Cover: Information systems : the challenge of the future for the Air Force Communications Command

Information systems : the challenge of the future for the Air Force Communications Command

Published 1984

by Steve Drezner, Willis H. Ware

Purchase Print Copy

 Format Price
Add to Cart Paperback18 pages $20.00

This Note examines the future of the Air Force Communications Command (AFCC). Because of recent changes in organizational alignments of data automation and communications, the following are some of the significant changes in AFCC posture and capability that will have to be made: (1) AFCC can and should make a force multiplier available to decisionmakers in the form of information systems that can provide timely status and option information; (2) AFCC should be reorganized to become the focal point within the Air Force for communication system and functional-area information system matters; (3) it should be the entity that determines requirements and advocates improvements for common-user communications systems and develops functional-area information systems; (4) it must carefully and deliberately oversee the training and career progression of the recently combined communications and computer career fields; and (5) it must acquire the capability to perform systems analyses and other technical studies that support its proposals and relate them to mission effectiveness. Other issues related to the AFCC are discussed in RAND/N-2164-AF.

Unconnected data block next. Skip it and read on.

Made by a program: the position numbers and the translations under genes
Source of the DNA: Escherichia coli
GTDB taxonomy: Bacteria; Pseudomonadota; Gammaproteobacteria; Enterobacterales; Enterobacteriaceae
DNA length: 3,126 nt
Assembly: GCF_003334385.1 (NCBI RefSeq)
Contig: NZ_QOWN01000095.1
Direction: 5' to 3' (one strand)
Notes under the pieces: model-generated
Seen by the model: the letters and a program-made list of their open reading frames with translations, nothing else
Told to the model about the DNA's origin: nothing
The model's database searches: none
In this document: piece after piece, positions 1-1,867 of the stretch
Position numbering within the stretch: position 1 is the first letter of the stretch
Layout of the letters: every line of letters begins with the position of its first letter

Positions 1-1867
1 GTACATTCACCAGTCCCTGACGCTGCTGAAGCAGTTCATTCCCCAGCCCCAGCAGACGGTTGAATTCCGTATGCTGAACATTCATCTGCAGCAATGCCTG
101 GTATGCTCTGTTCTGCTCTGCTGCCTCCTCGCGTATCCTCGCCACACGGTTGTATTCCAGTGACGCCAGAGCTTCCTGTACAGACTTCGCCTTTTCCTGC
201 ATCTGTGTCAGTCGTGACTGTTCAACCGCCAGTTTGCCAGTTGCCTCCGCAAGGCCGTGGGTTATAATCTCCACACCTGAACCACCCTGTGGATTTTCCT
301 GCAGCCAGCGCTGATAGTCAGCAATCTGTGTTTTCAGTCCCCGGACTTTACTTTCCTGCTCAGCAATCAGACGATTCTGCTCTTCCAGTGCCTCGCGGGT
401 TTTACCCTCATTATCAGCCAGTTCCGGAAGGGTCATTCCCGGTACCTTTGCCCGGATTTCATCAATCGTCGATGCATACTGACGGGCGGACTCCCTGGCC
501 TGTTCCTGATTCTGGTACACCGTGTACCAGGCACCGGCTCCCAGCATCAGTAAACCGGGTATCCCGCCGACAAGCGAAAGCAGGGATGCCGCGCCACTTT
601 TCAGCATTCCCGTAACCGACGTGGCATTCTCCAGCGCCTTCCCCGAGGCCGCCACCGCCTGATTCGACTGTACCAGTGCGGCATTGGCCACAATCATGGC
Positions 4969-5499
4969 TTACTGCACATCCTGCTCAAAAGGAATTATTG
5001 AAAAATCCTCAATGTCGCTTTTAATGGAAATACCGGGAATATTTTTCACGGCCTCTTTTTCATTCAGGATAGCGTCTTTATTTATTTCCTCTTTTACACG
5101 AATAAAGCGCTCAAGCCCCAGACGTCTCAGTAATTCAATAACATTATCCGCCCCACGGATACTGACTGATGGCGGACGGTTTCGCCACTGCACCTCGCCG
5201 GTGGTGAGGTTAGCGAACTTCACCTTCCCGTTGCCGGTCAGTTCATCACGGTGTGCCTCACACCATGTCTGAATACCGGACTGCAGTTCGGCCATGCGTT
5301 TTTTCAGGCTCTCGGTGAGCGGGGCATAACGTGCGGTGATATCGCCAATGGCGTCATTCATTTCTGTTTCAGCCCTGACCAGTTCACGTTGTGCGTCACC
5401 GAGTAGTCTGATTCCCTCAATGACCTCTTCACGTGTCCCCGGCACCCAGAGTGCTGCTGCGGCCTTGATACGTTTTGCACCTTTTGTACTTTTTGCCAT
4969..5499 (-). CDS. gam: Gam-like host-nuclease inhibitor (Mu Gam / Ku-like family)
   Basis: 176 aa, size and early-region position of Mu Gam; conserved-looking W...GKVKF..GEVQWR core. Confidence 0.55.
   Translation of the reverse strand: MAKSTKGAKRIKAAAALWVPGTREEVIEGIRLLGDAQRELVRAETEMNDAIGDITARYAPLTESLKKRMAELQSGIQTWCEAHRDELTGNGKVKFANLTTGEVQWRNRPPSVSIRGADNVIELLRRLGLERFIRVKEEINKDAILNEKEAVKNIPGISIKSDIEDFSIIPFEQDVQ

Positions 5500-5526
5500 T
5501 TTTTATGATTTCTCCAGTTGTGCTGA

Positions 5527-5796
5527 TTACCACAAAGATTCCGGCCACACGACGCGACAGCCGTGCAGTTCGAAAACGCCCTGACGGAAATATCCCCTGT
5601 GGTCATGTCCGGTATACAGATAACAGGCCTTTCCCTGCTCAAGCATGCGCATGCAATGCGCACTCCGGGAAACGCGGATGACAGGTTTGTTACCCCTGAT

This report is part of the RAND note series. The note was a product of RAND from 1979 to 1993 that reported other outputs of sponsored research for general distribution.

This document and trademark(s) contained herein are protected by law. This representation of RAND intellectual property is provided for noncommercial use only. Unauthorized posting of this publication online is prohibited; linking directly to this product page is encouraged. Permission is required from RAND to reproduce, or reuse in another form, any of its research documents for commercial purposes. For information on reprint and reuse permissions, please visit www.rand.org/pubs/permissions.

RAND is a nonprofit institution that helps improve policy and decisionmaking through research and analysis. RAND's publications do not necessarily reflect the opinions of its research clients and sponsors.